#Blessed: Holy Cross Congregation celebrates religious vow renewals

Members of the Moreau Province of the Holy Cross Congregation gathered for mass and dinner at Brother Vincent Pieau House Sunday to commemorate those who were celebrating the anniversaries of their religious vows.

The Moreau province is composed of two main houses in New York and Austin. Several Brothers from New York joined their counterparts in Austin to be honored at the ceremony.

“It’s a celebration and a commemoration. The brothers renewed the vows that they took 70, 50, 25 years ago,” Fr. Peter Walsh said of the jubilee.

Walsh said that the commemoration was a great time to “focus on life within the church,” especially for young people.

“There aren’t a lot of people anymore choosing religious life,” Walsh said. “It’s something that young people don’t really know about. But this is a great opportunity to let people know that there are still people taking religious vows in Holy Cross.”

Notably, Brother Gerald Muller was honored in his 70th year of religious vows.

“Not a lot [of people make it to 70 years],” Fr. Peter Walsh said of Muller’s anniversary.

The 89-year-old brother, who retired in 2013 and is still very active on campus, has taught at Holy Cross schools for over 60 years and has written over 100 books for both children and adults, including a biography of Martin Luther King Jr..

“[Muller] really takes the time to get to know and to be with students,” Walsh said. “Even though he’s been retired for a few years, he still comes to [events on campus]. Often I’ll see him at Open Mic night at Jo’s. He really takes a great interest in students.”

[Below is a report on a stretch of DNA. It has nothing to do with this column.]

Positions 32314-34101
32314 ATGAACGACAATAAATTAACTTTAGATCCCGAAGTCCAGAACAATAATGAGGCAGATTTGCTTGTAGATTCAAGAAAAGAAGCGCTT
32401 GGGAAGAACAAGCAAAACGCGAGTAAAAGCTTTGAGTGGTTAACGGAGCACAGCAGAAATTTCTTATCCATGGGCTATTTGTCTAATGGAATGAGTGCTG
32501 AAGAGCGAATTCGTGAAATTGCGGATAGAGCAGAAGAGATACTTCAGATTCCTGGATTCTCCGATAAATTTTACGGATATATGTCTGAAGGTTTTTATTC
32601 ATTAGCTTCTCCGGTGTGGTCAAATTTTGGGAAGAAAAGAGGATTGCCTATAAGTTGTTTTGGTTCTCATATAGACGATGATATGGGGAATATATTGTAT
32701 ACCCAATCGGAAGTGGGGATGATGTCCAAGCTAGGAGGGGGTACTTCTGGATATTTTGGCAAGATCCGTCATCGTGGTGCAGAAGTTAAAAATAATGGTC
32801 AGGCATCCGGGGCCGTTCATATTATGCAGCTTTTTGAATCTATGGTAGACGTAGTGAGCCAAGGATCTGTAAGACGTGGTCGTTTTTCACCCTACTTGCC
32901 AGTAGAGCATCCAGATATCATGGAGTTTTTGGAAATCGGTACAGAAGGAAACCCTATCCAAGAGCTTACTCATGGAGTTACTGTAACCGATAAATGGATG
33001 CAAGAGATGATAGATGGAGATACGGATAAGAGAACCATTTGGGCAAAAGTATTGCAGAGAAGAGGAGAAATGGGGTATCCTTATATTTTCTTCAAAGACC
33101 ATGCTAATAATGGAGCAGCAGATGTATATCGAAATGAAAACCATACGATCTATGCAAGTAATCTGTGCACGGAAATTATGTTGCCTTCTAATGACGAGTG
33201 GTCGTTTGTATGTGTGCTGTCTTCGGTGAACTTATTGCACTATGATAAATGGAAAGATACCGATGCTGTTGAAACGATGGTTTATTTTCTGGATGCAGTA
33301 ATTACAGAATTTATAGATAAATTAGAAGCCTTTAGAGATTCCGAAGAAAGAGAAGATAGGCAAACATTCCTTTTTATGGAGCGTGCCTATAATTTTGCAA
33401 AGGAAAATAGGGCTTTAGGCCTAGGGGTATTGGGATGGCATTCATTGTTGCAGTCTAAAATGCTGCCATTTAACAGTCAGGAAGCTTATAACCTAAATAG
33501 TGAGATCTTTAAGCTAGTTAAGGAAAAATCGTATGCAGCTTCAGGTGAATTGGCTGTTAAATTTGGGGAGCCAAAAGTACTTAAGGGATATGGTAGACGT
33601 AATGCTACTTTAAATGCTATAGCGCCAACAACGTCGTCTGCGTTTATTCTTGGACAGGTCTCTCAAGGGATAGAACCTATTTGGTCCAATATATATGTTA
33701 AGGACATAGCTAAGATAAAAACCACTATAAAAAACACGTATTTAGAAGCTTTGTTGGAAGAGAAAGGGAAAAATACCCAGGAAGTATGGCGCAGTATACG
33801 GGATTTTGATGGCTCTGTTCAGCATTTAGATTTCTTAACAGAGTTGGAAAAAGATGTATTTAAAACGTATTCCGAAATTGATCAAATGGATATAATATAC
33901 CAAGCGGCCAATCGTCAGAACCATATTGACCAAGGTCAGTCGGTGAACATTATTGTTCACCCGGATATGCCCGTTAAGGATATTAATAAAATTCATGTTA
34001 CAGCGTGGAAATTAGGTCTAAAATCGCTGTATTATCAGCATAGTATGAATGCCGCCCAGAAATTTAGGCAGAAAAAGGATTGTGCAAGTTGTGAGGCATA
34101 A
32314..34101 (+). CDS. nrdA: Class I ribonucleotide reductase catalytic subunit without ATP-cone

Though Muller was the only Brother observing 70 years, several trailed closely behind him: Brothers Ralph Kuder and Carl Smith celebrated 65 years, and Brothers Robert Carberry, Joseph Dunne and Reginald Jacques celebrated 60.

Several other “jubilarians” celebrated 50, 40 and 25 years respectively, including Sr. Denise Mary Hackett, who observed her 50th year of religious vows.

Muller said that the jubilee celebration was not only for the individuals who make up Holy Cross, but for the congregation as a whole and its history.

“This was a gathering of the three branches of Holy Cross; that’s what’s so important,” Muller said. “Ours was the first community in history to have a brother, a priest and a sister all together in the same community.”

Though Muller will not officially pass his 70th year mark until August, Muller expressed that he was “very happy” and grateful to be celebrating.

“Why wouldn’t I be?” Muller asked. “God has been good to me. My autobiography is: God has been good to me. Can’t get better than that.”

Though a wonder to students, who agonize over committing to Saturday night plans, 70 years of vows came naturally to Muller.

“From an early age I knew that I would become a non-clerical [figure], but I would be religious, just like St. Francis of Assisi, who was not a priest. He was my model from the beginning.”

Facing initial resistance from his parents, Muller eventually got his wish to enter into religious life when he was 18.

“Senior year, I was up for the draft. I was 17 years old, I was going to be drafted and my parents were opposed to my becoming a brother,” Muller said.

Finally he asked his parents, “Do you want a living brother or a dead soldier?” They assented and by age 19, he was off to training in Wisconsin and then Indiana.